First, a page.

3. Content Processing

The content processing step is responsible for extracting all the data, metadata and permission information from the content that is needed to be stored in the search index.

Once an item gets identified to be crawled, the crawler gathers it and sends to the content processor component. This component does several operations on the item, such as linguistic processing, metadata extraction, entity extraction, permission processing, etc. These operations are organized into a pre-defined sequence.

The input of content processing is the crawled content, and the output is the index-ready, processed extract of content.

You can create your custom pipeline extensions in SharePoint on-prem, if the out-of-the-box content creation is not enough. See more about this option in LESSON 2.

4. Indexing

When everything is set up correctly, indexing stores the crawled and processed content, metadata, and permission information to the search index. Please consider that this process takes time, and you might experience some delay between the content changes and their reflections in the search results.
During this step, the engine adds the index ready content extract, prepared by the content processor component, to the Search Index.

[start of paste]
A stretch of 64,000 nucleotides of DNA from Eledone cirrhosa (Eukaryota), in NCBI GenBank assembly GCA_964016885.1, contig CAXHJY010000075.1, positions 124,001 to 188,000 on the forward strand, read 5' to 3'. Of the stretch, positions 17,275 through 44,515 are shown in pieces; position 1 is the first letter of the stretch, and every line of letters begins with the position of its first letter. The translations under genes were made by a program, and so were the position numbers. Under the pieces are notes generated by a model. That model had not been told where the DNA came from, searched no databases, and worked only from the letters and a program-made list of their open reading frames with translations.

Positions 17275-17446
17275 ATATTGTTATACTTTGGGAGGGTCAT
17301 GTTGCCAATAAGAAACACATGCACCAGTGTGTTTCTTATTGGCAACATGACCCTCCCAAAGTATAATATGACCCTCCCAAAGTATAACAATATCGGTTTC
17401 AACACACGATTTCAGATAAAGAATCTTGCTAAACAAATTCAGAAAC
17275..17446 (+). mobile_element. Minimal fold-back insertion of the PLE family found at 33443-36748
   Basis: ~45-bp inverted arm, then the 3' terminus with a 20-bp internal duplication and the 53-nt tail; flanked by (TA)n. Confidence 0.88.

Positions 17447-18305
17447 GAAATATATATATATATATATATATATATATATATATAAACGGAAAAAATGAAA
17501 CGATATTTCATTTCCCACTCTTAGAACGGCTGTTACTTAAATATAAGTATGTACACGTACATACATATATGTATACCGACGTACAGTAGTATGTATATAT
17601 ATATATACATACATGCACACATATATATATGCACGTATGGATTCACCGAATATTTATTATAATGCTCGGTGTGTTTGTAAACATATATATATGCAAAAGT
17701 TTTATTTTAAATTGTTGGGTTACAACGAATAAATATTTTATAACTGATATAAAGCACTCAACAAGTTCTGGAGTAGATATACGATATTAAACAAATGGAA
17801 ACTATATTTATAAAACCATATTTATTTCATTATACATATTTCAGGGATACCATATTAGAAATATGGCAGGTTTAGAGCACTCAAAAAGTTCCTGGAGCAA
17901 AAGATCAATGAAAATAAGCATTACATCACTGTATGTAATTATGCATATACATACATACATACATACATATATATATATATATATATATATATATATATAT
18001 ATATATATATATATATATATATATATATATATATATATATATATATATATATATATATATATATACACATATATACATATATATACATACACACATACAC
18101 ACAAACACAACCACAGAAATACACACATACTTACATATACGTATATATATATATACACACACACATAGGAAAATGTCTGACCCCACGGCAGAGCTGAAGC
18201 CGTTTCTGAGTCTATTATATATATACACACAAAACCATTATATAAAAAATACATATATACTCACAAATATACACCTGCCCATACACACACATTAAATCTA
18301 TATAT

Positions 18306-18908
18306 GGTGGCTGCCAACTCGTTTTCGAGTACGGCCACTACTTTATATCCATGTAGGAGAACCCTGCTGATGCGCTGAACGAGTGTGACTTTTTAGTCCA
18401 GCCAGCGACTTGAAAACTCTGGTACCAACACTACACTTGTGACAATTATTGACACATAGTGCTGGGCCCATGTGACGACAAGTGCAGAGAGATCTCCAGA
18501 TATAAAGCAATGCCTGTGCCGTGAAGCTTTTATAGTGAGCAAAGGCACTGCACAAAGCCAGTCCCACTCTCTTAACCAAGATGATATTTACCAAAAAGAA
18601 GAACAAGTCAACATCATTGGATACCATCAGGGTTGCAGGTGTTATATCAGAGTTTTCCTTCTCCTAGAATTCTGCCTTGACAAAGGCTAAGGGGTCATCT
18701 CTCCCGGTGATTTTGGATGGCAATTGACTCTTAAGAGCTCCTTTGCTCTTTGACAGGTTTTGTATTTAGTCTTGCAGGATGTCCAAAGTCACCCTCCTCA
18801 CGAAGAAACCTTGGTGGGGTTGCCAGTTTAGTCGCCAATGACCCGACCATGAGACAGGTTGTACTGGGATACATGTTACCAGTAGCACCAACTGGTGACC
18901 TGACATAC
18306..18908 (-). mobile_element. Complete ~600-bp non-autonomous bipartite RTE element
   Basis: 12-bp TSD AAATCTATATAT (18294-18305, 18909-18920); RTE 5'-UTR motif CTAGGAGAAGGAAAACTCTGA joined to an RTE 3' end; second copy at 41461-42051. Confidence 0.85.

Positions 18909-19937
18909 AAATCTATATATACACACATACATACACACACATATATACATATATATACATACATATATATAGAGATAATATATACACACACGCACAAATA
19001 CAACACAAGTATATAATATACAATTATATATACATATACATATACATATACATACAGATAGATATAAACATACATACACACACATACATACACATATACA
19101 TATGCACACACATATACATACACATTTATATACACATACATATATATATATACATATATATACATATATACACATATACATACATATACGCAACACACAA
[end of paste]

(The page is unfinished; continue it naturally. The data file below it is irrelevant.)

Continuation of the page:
With on-premises Search in SharePoint 2013 / 2016, the index is stored on the SharePoint farm. It can be scaled up as well as out, by adding more components to the Search Architecture.

In case of Office 365 Search, the index is stored and managed in the cloud. As we don’t have direct access to it, we have to rely on Office 365 scaling capabilities and offerings.

When we implement Hybrid Search, the Crawling process happens on-premises, while the Content Processing and Indexing are done in the cloud. This means only the Crawling process needs on-premises resources, and everything else goes on in the cloud.

Of course, a stable and reliable internet connection is a must.

The trade-off of index vs. federate is quite simple: index, whenever you can. If it is not possible out-of-the-box, consider federation, but with its limitations in mind.